Discipline, Education Addressed at MeetingBy Jean K. Lee
Associate News Editor
At Wednesday's faculty meeting, Institute groups, including the Committee on Discipline and the presidential task force on student life and learning, presented reports summarizing their progress.
Professor of Science, Technology, and Society Jed Z. Buchwald, chair of the COD, began the meeting with a presentation of the committee's annual report, which showed a continuing decrease in the number of disciplinary cases.
During the past three academic years, there have been 21 discipline cases which resulted in nine expulsions, two suspensions, four formal probations, an informal probation, a degree revocation, and two reprimands.
There have been three academic discipline cases so far this school year, Buchwald said. There is "not much of a problem," and "things look like they're in pretty good shape."
Dean for Student Life Margaret R. Bates followed with the Dean's Office report on disciplinary actions. While the report indicated that number of disciplinary actions similar to last year, the system is "intrinsically working well," Bates said.
Task force continues research
The task force on student life and learning also reported the results of an alumni survey and proposed long-term changes.
The task force is charged by President Charles M. Vest to evaluate and guide MIT's educational mission as the Institute approaches the next century.
MIT may need to make changes in its core education, especially with the changing student demographics and career paths, said Professor of Chemistry Robert J. Silbey, who heads the task force.
Silbey cited statistics which showed that 20 percent of the Class of 1997 are medical school applicants, a significant increase from past trends. In addition, students' careers paths are changing as more consulting and finance companies recruit MIT students.
Also troubling the task force are alumni surveys indicating dissatisfaction with some of the Institute's curriculum. While alumni generally felt that an MIT education improved their problem solving skills, it contributed very little to the development of their self-esteem and writing skills, which play important roles in the workplace.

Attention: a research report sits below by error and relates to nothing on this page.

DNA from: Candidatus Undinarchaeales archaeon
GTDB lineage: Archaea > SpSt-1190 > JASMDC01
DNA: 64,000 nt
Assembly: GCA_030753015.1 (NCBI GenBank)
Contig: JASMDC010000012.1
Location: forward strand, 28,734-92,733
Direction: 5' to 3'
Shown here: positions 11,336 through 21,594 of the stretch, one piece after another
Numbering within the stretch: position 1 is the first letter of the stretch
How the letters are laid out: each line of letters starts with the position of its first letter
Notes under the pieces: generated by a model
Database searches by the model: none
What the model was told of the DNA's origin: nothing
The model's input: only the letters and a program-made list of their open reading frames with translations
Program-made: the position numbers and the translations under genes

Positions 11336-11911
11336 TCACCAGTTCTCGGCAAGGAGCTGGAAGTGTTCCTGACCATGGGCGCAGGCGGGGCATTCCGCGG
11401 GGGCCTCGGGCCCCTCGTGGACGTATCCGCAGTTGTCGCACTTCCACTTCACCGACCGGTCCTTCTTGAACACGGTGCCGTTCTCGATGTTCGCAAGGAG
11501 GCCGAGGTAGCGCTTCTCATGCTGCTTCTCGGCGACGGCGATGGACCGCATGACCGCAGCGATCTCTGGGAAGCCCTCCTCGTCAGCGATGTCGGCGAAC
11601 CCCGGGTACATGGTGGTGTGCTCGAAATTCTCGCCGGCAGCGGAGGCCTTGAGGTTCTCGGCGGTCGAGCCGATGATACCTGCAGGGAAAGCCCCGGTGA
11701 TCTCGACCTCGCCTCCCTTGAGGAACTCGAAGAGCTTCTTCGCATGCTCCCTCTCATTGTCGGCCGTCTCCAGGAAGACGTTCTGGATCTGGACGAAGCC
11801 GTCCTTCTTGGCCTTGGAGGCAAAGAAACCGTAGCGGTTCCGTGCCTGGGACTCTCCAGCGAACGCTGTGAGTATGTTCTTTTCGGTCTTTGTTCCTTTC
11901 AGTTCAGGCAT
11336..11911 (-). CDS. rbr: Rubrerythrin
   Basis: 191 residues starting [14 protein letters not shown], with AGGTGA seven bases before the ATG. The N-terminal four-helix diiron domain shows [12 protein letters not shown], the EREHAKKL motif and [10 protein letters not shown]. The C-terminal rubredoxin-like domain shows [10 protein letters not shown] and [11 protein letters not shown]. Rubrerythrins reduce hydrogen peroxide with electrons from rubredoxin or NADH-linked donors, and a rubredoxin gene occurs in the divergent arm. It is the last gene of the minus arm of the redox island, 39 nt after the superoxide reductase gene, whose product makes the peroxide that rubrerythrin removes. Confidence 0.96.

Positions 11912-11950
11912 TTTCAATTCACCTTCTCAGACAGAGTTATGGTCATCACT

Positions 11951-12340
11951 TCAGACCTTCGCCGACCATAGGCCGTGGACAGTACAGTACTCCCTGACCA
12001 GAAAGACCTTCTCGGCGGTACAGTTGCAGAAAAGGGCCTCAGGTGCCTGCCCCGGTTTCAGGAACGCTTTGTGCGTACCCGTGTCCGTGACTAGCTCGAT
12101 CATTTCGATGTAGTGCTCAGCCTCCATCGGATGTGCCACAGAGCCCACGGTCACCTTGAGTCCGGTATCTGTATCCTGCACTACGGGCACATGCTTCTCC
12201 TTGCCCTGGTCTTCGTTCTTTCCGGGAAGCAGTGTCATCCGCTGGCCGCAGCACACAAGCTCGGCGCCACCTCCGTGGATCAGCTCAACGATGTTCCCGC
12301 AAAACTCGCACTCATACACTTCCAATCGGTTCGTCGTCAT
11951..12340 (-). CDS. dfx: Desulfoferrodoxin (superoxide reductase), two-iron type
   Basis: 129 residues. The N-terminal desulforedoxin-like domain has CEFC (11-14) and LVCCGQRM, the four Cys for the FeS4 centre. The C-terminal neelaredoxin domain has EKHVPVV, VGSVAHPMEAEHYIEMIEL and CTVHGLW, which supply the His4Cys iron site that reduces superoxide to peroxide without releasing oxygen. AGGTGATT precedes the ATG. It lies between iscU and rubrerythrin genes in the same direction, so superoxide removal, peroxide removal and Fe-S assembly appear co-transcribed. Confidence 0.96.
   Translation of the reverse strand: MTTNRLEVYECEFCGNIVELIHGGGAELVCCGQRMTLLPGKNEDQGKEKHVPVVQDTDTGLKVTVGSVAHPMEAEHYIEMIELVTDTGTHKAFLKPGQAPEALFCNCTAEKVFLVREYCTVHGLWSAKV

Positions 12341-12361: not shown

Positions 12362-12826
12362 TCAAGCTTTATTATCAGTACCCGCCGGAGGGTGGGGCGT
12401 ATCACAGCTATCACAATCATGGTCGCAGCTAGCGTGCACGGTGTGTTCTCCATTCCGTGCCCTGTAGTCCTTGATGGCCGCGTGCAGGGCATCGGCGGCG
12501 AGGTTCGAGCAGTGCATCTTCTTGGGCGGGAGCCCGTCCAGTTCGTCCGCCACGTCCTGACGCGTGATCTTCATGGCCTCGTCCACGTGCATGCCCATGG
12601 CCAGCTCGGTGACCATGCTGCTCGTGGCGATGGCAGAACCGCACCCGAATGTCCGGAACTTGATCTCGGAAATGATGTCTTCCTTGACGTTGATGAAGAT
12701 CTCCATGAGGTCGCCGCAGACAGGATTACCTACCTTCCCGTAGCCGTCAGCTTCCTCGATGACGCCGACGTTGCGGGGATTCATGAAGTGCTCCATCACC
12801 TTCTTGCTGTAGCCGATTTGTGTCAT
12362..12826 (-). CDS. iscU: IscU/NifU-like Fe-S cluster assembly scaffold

MIT's education should be reworked to resolve the "disparity between what people think is important and what MIT did for them," Silbey said.
The task force is considering core curriculum modifications, changes to Residence and Orientation Week, and better student advising and counseling, Silbey said. The group is also looking at more structural changes that would improve interaction within departments and reconsidering student demographics, Silbey said.
As it stands, the committee is still considering what problems should be dealt with, Silbey said. Solutions will not be implemented "until we can put things in order," he added.
"This faculty and institution really care about the students, much more deeply than at many other institutions," Vest said.
Renovation plans addressed
Provost Joel Moses PhD '67 announced tentative information about the replacement for Building 20. The provisional plan is for the building to consist of two wings - one will hold mainly computer and informational sciences and the other will hold part of the Department of Brain and Cognitive Sciences. The construction is expected to cost between $90 million and $95 million.
Institute is proceeding with plans to build a new swimming pool, Moses said. In addition, Building 16 should be ready for use in January 1998.
Also at the meeting, Professor of Linguistics and Philosophy Samuel J. Keyser announced the results of a harassment survey of faculty and staff. In general, harassment incidences are declining. The top type of harassment was "offensive comments," followed by general mistreatment and sexual harassment.